Frank Ockenfels/Courtesy of AMC
Joel Kinnaman and Mireille Enos as Detectives Holden and Linden in The Killing.
If you haven't been watching AMC's crime drama The Killing, and you're a fan of the genre, hurry over to AMC and get caught up before the June 19 season finale (all the episodes are streaming there). Be sure to set aside a block of time and get comfortable because the show is mighty addictive. Once you start watching you're sure to find it hard to stop.
If you are not already aware, The Killing, which is based on the Danish show of the same name, is a murder mystery with a difference. Unlike most crime procedurals, the show focuses on a single case for the entire season rather than one per week. It works. The writers are given the freedom to fine tune their characters and offer them the luxury of taking their time to move the story forward. Occasionally these characters make mistakes and don't always bounce back from them right away, if at all, which makes them seem that much more human. Really, there are times when the exemplary writing and acting make you forget these characters are fictional, so natural are the interactions between them.
The plot is deceptively simple; the execution is not. Sarah Linden (Mireille Enos) and Stephen Holden (Joel Kinnaman) are detectives in the Seattle Police Department assigned to investigate the murder of a sweet-faced teenager named Rosie Larsen. Linden, who is supposed to be leaving Seattle with her teenage son to join her fiance in Sonoma and be married, becomes obsessed with the case and stays on, damaging her relationship with her husband-to-be and alienating her son. Holden, a former narcotics cop, has just been promoted to Homicide and finds the grittiness of the Larsen case appealing. He and Linden occasionally get on each other's nerves, but they are perfect foils for each other and eventually form a strong bond. Holden also supplies a small dose of comic relief with his snarky remarks and skewed observations of the world.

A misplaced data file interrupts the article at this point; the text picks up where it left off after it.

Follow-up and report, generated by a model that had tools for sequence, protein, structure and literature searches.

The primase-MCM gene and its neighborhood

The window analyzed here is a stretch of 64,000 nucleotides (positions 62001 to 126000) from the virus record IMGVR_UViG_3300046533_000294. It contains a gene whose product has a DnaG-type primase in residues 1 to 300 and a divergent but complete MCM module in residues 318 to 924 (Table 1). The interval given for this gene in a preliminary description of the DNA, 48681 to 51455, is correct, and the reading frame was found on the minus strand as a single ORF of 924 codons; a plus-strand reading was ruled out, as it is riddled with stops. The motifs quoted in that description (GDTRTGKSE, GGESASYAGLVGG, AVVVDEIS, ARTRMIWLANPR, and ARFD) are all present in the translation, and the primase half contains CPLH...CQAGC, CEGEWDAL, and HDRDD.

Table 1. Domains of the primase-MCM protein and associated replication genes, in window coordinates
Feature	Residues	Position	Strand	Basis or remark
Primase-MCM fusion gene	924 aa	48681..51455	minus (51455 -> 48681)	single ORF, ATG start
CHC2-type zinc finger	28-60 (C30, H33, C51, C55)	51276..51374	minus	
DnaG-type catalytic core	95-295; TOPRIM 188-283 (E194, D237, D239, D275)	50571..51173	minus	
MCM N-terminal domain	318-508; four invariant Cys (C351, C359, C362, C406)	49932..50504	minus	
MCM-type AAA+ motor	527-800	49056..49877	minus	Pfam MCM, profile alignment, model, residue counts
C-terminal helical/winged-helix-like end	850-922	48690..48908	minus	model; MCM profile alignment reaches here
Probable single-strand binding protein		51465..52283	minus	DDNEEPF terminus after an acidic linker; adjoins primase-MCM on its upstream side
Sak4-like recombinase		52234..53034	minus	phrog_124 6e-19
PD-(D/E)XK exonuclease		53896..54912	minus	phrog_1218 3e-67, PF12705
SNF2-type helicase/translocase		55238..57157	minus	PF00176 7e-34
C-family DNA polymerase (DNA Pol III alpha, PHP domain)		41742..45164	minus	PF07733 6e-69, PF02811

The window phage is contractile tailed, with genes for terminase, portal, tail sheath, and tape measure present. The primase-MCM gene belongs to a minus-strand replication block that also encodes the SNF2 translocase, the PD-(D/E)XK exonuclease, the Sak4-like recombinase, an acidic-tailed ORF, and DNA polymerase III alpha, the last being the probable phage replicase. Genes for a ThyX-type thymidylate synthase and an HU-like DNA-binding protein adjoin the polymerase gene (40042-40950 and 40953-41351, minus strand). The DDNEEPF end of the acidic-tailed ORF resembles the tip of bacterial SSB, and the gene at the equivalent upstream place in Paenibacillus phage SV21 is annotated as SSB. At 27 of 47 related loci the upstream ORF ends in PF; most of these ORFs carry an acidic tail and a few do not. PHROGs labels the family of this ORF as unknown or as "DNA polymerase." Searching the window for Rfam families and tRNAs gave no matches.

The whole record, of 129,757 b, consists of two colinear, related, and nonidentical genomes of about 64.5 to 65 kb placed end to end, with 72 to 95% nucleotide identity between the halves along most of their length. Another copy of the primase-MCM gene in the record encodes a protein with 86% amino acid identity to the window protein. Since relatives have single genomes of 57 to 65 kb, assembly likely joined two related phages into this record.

Rosie's devastated parents, Stan and Mitch (Brent Sexton, Michelle Forbes) are two of the most affecting characters in the show. Their grief takes a terrible toll on both them and their young sons.
Possible perpetrators include the mayoral wannabe Darren Richmond (Billy Campbell), who, along with his cronies, comes under suspicion since it was in one of his campaign cars Rosie's body was found. Then there is Bennet Ahmed (Brandon Jay McLaren), Rosie's teacher and one of the last to see her alive.
Don't expect The Killing to wrap up neat and tidy. In fact, now that the season is nearing its end, I don't see how every loose end can possibly be tied up. Will pieces of the puzzle be left to the imagination of the viewer to put into place? At this point, nothing would surprise me, but the writing has been so sharp all along, I have to trust that the finale will be as dramatically satisfying as the rest of the episodes.
No word of a second season has as yet been announced. But with all the critical acclaim and high ratings, I would guess it's only a matter of time before AMC gives the word that another season of The Killing is in the offing. Hopefully this will be the case since a single season of this gritty, addictive show is nowhere near enough.